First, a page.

If zombies became all the rage in the movies earlier in this decade, then the craze has now officially been passed on to the literary world. Breathers: A Zombie's Lament, Pride & Prejudice & Zombies, World War Z, the list goes on and on. And now I've had the pleasure of tearing through the latest and greatest from horror scribe extraordinaire Jonathan Maberry. Patient Zero is a unique and thrilling yarn, chock full of action and vivid with brutal horror imagery.
Brilliantly, Maberry has meshed two tried and true subgenres. Granted, there's the zombie mayhem--but by grafting it to the hard-boiled conceits of espionage/crime fiction in the vein of Robert Ludlum and Dan Brown, Maberry has created something genuinely new, and un-put-down-able.
Patient Zero is built around a notion so simple, it almost seems like it's been done before. Yet it works so well. A fanatical terrorist Al Qaeda-like faction, joining forces with a shady pharmaceutical corporation, develops a virus that can transform people into the living dead. And naturally, they plan to use it as a weapon of mass destruction. Only one small, ultra-covert government agency stands in their way, and they've just recruited our main character, tough-as-nails cop Joe Ledger.
A highly charismatic figure, Joe Ledger is the hinge on which the novel turns, and his first-person passages are among the highlights of the book. And although it spoils things a bit when you first pick up the novel, seeing that it's subtitled "A Joe Ledger Novel" is also very cool, since it indicates we haven't seen the last of this guy.
That said, approach Patient Zero with a fun sense of adventure. Despite the gloom-and-doom of the subject matter, this is fiction that is basically the direct descendant of the lurid pulp novels of the mid 20th century. Don't expect too much depth from Ledger and the other major characters of the novel--no more than you would from the likes of James Bond, Doc Savage or Alan Quartermain.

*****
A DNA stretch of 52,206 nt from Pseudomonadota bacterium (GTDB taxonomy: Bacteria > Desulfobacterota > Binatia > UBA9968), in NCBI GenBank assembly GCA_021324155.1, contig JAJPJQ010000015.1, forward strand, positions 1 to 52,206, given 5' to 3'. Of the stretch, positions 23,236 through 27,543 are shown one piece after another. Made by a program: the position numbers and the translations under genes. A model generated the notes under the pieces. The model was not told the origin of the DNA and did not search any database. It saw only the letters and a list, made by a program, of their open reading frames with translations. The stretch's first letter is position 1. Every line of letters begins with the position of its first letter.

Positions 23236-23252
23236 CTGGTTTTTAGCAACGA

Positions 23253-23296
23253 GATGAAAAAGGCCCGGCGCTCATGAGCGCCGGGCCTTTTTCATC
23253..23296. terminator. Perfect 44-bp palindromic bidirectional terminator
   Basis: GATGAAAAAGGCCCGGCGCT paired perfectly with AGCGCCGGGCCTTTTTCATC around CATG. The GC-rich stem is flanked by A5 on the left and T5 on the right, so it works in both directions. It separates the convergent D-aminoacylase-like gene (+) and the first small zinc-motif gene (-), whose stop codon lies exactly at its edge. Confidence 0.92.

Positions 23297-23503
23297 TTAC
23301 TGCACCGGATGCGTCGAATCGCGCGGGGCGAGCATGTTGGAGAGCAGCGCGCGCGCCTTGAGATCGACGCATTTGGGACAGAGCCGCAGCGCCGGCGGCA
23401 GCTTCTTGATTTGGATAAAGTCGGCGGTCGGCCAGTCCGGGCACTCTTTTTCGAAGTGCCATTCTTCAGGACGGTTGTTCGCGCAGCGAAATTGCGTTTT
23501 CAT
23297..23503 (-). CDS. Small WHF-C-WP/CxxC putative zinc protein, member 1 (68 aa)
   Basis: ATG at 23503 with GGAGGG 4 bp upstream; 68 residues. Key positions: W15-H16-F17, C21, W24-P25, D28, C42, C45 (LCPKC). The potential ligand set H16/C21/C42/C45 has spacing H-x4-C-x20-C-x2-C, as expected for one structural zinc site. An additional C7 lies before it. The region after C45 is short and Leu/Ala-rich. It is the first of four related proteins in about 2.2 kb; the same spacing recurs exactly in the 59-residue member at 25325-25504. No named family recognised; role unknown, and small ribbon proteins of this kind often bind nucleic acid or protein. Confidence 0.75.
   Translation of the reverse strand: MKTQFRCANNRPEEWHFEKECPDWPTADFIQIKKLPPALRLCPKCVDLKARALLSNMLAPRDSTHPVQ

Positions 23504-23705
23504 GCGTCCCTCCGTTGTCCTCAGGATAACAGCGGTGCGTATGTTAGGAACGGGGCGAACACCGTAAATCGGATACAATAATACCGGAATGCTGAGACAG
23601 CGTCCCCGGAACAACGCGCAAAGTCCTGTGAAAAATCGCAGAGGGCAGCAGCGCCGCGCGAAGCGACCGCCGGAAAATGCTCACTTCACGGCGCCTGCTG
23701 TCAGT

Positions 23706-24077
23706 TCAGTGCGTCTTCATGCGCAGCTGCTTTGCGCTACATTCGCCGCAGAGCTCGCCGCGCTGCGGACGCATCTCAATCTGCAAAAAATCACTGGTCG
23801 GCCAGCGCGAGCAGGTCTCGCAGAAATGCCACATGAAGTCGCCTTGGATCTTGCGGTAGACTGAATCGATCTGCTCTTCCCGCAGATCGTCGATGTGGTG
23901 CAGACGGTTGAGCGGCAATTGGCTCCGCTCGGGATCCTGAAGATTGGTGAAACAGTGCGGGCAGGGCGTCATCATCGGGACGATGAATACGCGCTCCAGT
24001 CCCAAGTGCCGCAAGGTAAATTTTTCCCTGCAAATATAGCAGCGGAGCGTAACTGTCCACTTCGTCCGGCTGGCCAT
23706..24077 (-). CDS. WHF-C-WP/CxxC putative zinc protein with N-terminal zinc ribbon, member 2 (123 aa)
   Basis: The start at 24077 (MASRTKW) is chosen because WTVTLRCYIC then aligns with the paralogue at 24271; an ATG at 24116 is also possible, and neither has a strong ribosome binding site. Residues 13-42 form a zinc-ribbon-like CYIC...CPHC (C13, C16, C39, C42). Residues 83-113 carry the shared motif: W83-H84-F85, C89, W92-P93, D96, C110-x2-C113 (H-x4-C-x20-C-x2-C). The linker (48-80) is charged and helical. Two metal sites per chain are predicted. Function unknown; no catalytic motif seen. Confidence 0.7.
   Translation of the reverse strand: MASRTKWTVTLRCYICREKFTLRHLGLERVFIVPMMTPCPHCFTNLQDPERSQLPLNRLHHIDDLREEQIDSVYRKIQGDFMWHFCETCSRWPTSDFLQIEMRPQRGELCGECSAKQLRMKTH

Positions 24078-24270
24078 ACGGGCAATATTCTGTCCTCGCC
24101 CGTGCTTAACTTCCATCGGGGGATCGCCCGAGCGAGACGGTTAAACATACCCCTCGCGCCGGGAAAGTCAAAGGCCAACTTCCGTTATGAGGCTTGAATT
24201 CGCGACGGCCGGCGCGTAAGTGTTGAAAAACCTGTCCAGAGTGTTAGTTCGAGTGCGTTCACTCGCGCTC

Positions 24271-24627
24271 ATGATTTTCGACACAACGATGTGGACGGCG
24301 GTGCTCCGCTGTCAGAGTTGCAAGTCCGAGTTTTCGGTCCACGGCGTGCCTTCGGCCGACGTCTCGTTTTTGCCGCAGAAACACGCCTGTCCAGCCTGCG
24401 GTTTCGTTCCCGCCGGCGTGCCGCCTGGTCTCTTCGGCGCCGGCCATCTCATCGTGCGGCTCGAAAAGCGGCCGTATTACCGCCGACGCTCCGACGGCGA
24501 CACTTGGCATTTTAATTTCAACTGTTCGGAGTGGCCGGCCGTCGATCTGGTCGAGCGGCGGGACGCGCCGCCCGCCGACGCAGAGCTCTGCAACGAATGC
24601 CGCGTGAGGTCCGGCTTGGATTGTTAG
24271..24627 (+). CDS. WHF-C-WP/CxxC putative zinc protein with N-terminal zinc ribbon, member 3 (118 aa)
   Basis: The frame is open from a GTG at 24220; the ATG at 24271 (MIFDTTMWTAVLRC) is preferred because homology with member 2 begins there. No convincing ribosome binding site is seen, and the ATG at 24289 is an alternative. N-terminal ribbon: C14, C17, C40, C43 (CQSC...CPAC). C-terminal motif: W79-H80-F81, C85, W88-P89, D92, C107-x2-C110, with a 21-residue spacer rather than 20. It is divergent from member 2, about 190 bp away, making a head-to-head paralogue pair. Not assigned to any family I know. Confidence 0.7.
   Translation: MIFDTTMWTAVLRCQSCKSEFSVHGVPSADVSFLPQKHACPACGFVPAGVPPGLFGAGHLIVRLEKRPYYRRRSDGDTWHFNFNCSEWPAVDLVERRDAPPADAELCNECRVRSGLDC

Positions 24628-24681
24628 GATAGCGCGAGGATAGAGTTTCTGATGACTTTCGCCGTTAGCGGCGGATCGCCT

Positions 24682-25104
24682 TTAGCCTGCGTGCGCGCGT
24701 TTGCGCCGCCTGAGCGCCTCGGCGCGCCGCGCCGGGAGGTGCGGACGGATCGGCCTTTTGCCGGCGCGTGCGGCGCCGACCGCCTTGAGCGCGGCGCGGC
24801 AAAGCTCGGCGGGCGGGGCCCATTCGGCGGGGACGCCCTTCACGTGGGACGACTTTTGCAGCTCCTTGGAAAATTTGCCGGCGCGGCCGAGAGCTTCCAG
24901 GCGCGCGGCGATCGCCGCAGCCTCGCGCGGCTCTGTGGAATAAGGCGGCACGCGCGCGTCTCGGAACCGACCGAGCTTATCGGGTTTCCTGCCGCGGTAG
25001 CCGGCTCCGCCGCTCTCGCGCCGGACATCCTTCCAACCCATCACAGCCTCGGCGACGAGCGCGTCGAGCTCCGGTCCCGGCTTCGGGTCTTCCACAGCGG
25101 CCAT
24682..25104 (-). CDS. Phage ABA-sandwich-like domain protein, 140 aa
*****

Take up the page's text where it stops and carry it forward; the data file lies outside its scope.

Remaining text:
Patient Zero is all about action, and for the most part, Maberry is at his best when he's describing it. His prose fairly crackles with kinetic energy during the novel's combat scenes. In fact, his style is so engaging during these parts that by comparison, some of the quieter moments of the novel come off slightly clumsier. And several of the supporting characters, including the members of Ledger's covert ops team, tend to often blur together.
This is a novel that's dripping with testosterone, the kind of book where male characters are constantly glaring at each other and clenching their jaws. But it works perfectly, unlike for example, a recent military SF novel I read called Hell's Gate by David Weber & Linda Evans, a book so filled with jaw-clenching I suspected it might be sponsored by a tetnis vaccine. In contrast, this is a rough-and-ready tale of layered intrigue and bone-crunching aggression, and I enjoyed it from cover to cover.
I'm usually a pretty slow reader, but this one really had me going. Fifty to seventy pages in a single sitting is pretty unheard of for me, but not this time (as I previously declared in Day of the Woman's recent summer reading post). I thoroughly appreciated Maberry's take on the well-trod zombie formula--he's even got a nerdy forensics guy in the book who's basically geeking out over the whole situation in typical fanboy fashion. The author does a fine job of detailing the reactions of these characters in the face of a "real-life" situation that they've previously only seen in the movies.
Yes, Patient Zero is an action/adventure story. But make no mistake, it's also scary as hell. In particular, there's an interesting twist late in the novel in which the terrorists develop a strain of the virus that allows the zombie victims to retain higher brain functions, which results in some damn frightening moments. I never imagined that the concept of sentient zombies could work this well.
As the novel slammed toward a conclusion, I had trouble understanding how Maberry was going to tie it all up--it felt like it had to be part one of a trilogy, or something. And yet, he does manage to wrap things up very satisfactorally. I will say that things felt a bit rushed toward the end, as if so much time and effort had been spent on the build-up and not enough on the payoff. However, the climactic passages that Maberry does provide us with are absolutely enthralling, and downright cinematic.
If you're looking for a light but exciting read, and if you think that you've seen it all when it comes to zombie fiction, then I encourage you to pick up Patient Zero.
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